Communicating design ideas using computer software has unlimited potential and malleability, but you must first master the software itself. Murphy explains that to be a graphic designer, you need to be able to use the software with the same swiftness and instantaneous artistry as a painter with a brush and an easel. “Once I got onto it I was like, ‘I gotta’ figure out what every button does’,” he says. “You’re looking at a software with a million different options. It’s almost like a puzzle every time, because you’re logging in, not only to create art, but also to learn how to make it.”

Habitually, the biggest struggle for an artist is motivation. To learn Adobe, to understand color theory, make connections, lead a brand, all of that is a mountain of work. It isn’t easy for any artist to avoid doubt. You have to push yourself down an uncertain path, commit to your work, even in the face of those around you who don’t believe in your vision, or care to even understand it. “You have people in your ear saying, ‘Have you looked at the median income of what a graphic designer makes in a year?,’” Murphy says. (According to the Bureau of Labor Statistics, it was $50,710 in 2021.)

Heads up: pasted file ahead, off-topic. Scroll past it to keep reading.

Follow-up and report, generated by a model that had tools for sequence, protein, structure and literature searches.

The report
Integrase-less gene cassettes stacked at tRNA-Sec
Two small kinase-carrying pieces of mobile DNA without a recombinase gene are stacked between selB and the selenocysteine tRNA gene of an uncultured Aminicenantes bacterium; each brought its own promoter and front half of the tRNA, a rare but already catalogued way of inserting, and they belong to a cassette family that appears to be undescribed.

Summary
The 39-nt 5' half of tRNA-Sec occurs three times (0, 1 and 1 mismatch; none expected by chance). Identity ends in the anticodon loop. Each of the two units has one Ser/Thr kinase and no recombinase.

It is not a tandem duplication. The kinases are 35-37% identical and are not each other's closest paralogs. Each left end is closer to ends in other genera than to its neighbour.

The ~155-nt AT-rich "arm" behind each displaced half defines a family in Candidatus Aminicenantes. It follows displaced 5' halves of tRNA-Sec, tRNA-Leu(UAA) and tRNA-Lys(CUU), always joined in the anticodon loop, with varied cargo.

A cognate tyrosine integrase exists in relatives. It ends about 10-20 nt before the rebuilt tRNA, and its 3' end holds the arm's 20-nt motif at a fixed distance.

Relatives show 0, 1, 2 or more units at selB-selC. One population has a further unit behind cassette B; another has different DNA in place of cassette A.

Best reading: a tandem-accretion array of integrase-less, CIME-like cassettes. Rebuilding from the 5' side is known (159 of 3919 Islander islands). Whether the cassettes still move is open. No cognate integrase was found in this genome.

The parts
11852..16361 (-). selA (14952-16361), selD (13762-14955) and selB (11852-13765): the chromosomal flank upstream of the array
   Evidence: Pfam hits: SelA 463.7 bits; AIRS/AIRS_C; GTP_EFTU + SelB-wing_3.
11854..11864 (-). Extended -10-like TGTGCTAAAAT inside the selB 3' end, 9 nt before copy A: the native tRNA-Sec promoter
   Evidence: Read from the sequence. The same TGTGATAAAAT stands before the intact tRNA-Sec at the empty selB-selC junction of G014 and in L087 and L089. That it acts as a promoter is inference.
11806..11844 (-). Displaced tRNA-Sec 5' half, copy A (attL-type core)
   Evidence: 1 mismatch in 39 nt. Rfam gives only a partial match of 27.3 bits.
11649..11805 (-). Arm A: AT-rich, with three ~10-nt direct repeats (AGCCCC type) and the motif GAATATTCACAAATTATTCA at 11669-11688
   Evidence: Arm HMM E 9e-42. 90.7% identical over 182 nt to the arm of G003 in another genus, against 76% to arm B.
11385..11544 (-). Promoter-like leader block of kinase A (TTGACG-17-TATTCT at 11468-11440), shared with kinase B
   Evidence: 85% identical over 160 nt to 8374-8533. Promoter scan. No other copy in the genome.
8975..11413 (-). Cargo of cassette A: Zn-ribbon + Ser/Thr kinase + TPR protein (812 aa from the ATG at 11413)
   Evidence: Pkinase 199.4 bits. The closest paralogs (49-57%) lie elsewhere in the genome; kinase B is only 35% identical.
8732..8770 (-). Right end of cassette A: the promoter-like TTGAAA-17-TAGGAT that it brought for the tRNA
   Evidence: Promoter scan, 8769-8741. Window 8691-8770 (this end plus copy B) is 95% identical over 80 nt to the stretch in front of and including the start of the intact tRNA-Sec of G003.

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At the beginning of 2020’s quarantine, Murphy started to question the path he was on. He describes a long period of time where he wasn’t acting or designing at all, feeling sick with everything creative, and starting to think about what others would refer to as “reasonable” career paths. However, Murphy believes the time spent home alone during quarantine eventually helped him find himself. The more time he spent away from designing, he felt a growing void in his life, the days felt repetitive and numb, and he found that creating art was the only thing he could do.